Thinking and Choosing
"The contrary investor is every human when he resigns momentarily from the herd and thinks for himself" – Archibald MacLeish
"This is not about market timing. It is about carefully choosing your starting point.'" – Dave Rosenberg
We've been busier than usual in your portfolios this year. We've introduced a few new managers, and cautiously moved into a few new areas in your portfolios. While we remain convinced that the US market is overextended and expensive, we also see in hindsight that our cautious positioning over the last several years has led to missing much of the outsized gains in US stock prices.
Our philosophy remains intact, though, and while we expect to continue to selectively increase equity allocations in areas where we see opportunity, a larger shift to a heavy equity emphasis remains in future. We want to protect your capital as well as position it for steady and long-term growth; and we work hard to find the right balance between the two, and to be ready to make forays into risk assets once they are priced appropriately.
What about the current environment? We're six years into a market expansion in the US that has been fueled more than anything on wave after wave of liquidity provided by regulators who have pulled out all the stops to create a semblance of economic normality coming out of the financial crisis of 2008-2009. In fact, it's been coherently argued that we haven't seen such expansionism in a nation's supply of liquidity since Napoleon's immediate predecessors expanded France's balance sheet in the late 18th century.[i] Non-US stock markets have not performed as strongly this year, both due to economic limitations and more recently an appreciating dollar. As of the end of the third quarter the S&P was up 8.3%; the MSCI EAFE index of developed markets was down -1.4%.
We do have economic growth in the US, but given the stimulus provided, even that has been tepid and bumpy. Growth has inordinately benefited the top income tiers, and 2/3 of the new jobs counted in now-rosier employment numbers are part-time jobs, so some of the statistics are hollow. On the earnings side, cheap money has encouraged large companies not necessarily to reinvest capital from record profits into product and service development, but instead more companies recently are taking on debt with which to raise cash to buy back their own shares – and historically companies tend to do this at market tops.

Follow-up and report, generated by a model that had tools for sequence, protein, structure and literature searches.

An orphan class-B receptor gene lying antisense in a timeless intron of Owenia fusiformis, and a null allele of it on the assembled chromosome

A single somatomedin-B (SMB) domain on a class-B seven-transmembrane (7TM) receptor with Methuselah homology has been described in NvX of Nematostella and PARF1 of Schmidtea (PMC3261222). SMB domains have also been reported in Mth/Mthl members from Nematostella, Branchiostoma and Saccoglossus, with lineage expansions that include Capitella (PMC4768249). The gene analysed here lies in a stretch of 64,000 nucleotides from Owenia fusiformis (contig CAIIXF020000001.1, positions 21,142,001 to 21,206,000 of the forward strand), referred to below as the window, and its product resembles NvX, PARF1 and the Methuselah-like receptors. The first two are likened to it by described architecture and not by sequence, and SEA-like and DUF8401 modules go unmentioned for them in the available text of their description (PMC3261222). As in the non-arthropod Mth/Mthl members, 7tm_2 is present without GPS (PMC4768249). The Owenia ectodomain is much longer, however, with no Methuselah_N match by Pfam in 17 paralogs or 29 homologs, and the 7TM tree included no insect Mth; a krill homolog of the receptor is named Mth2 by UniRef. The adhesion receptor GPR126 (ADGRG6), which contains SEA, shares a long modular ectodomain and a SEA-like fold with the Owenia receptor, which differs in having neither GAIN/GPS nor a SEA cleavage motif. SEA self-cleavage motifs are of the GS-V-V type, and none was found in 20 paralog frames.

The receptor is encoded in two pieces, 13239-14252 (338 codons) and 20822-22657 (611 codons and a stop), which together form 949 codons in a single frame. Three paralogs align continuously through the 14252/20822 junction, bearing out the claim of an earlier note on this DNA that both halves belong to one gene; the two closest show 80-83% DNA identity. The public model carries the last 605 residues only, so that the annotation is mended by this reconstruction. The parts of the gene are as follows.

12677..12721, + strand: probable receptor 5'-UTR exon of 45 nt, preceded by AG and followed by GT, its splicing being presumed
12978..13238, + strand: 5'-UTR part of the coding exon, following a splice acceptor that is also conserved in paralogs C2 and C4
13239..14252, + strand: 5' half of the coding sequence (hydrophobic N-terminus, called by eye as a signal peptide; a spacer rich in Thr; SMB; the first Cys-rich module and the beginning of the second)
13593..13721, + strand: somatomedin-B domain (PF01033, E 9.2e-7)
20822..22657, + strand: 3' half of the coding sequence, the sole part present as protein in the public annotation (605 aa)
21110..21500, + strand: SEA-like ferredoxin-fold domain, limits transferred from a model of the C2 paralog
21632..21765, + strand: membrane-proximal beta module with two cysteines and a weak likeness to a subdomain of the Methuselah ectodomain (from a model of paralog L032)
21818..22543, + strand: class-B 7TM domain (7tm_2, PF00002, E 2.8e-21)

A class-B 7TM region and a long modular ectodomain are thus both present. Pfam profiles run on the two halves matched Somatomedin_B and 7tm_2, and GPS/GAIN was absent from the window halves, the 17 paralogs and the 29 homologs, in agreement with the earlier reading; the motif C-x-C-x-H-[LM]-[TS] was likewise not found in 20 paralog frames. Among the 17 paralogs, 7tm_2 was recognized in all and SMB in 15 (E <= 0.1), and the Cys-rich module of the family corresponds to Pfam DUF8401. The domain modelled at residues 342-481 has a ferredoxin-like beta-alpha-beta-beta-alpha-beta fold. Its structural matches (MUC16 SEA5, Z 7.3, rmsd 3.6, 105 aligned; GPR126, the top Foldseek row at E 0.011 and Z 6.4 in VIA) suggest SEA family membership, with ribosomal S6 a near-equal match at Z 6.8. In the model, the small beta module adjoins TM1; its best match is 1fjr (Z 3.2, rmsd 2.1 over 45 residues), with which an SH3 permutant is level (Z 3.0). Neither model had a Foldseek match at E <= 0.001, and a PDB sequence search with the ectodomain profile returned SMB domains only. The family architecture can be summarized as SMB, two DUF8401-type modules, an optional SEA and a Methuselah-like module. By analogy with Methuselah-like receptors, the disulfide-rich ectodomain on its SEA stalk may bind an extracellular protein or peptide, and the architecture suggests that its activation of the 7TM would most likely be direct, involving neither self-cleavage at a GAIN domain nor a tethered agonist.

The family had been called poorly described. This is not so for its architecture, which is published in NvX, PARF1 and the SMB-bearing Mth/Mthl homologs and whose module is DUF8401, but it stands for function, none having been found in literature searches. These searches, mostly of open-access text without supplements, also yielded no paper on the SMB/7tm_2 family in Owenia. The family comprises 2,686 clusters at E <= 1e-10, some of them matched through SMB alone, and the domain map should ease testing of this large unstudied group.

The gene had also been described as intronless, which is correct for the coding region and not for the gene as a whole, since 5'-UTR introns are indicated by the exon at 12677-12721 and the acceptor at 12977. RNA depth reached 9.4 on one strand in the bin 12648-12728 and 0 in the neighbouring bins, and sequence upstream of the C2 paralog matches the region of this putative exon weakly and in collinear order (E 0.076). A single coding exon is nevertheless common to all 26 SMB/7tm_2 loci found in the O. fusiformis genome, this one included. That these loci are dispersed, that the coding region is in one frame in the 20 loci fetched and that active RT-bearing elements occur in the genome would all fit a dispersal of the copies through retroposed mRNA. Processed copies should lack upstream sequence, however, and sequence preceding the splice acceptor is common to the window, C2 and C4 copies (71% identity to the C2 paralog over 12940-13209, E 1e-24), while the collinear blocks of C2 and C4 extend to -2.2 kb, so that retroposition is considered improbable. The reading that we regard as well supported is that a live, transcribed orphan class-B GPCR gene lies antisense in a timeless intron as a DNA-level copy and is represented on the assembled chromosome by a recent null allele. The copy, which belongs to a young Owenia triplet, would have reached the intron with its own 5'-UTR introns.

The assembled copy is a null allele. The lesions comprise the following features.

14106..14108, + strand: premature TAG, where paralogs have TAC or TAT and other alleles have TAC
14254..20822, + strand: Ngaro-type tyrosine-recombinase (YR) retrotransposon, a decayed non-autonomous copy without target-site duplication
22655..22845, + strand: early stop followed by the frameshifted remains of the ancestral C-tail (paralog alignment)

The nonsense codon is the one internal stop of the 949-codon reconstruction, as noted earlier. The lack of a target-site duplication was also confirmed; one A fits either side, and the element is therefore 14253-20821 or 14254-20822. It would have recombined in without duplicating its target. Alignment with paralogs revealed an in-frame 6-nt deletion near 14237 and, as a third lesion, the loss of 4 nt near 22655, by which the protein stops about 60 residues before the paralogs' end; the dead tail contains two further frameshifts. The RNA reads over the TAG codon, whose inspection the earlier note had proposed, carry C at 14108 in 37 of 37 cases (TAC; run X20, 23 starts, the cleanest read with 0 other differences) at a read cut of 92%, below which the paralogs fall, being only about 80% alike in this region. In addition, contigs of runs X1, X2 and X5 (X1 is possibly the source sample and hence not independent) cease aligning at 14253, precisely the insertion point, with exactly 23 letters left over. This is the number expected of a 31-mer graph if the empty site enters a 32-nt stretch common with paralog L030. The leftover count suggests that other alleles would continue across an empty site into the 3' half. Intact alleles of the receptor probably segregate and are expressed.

So, we are afloat on a sea of cheap money, and have had a hollow kind of economic growth. The cost of money and the growth of the economy are two of the three major drivers of future stock returns. Which brings us to valuation. Valuation is the third leg of the stool of these major drivers of future stock returns. Stocks are currently priced as if high levels of future growth are certain and low interest rates (i.e. cheap capital) will remain in place indefinitely. Bonds are also somewhere near a long-term high in terms of what we can expect given current yields both in U.S. and foreign government debt, and in the corporate credit markets. So, while we've added a few new managers to your portfolios this year, the additions have been incremental. On the bond side, we've moved risk away from general interest rate risk and towards well-researched credit and currency risk.
In fact, because some of your stock managers have themselves sold more than they have bought in this environment, you haven't become more fully allocated to stocks even as we have added stock opportunity, selectively, in your portfolios. We are monitoring this effect carefully, and you are likely to see portfolio trades this fall that are oriented to keeping your stock exposure stable in this environment where some stock managers are holding record amounts of cash awaiting opportunities.
We've continued to hold some gold and gold-related investments for you. While the rally in these holdings earlier this year has recently reversed itself, we haven't traded out of these investments. We've not seen a change in this hollow market that warrants less of a hedge in this regard, and are more likely to increase stock manager allocation to take advantage of drops in valuation. We are monitoring this closely as well, particularly in concert with high cash levels in value-oriented stock managers' portfolios, as we don't want you to become overly hedged.
One advantage of adding allocation to cautious stock managers in your portfolios is that there will be timely additions to the stock side of your portfolios at lower price levels, when they do come. After three years without a significant correction, we think investors, grown somewhat complacent by steady strong returns, will possibly overreact to the downside and provide opportunity for entry at lower price levels. We are ready to go when this time comes, as we look for the right starting point to have more heavily invested stock portfolios.
This is a general assessment of client portfolios and does not reflect the specific circumstance of every client.
[i] 'Welcome to the Revolution,' Grant's Interest Rate Observer, May 31, 2013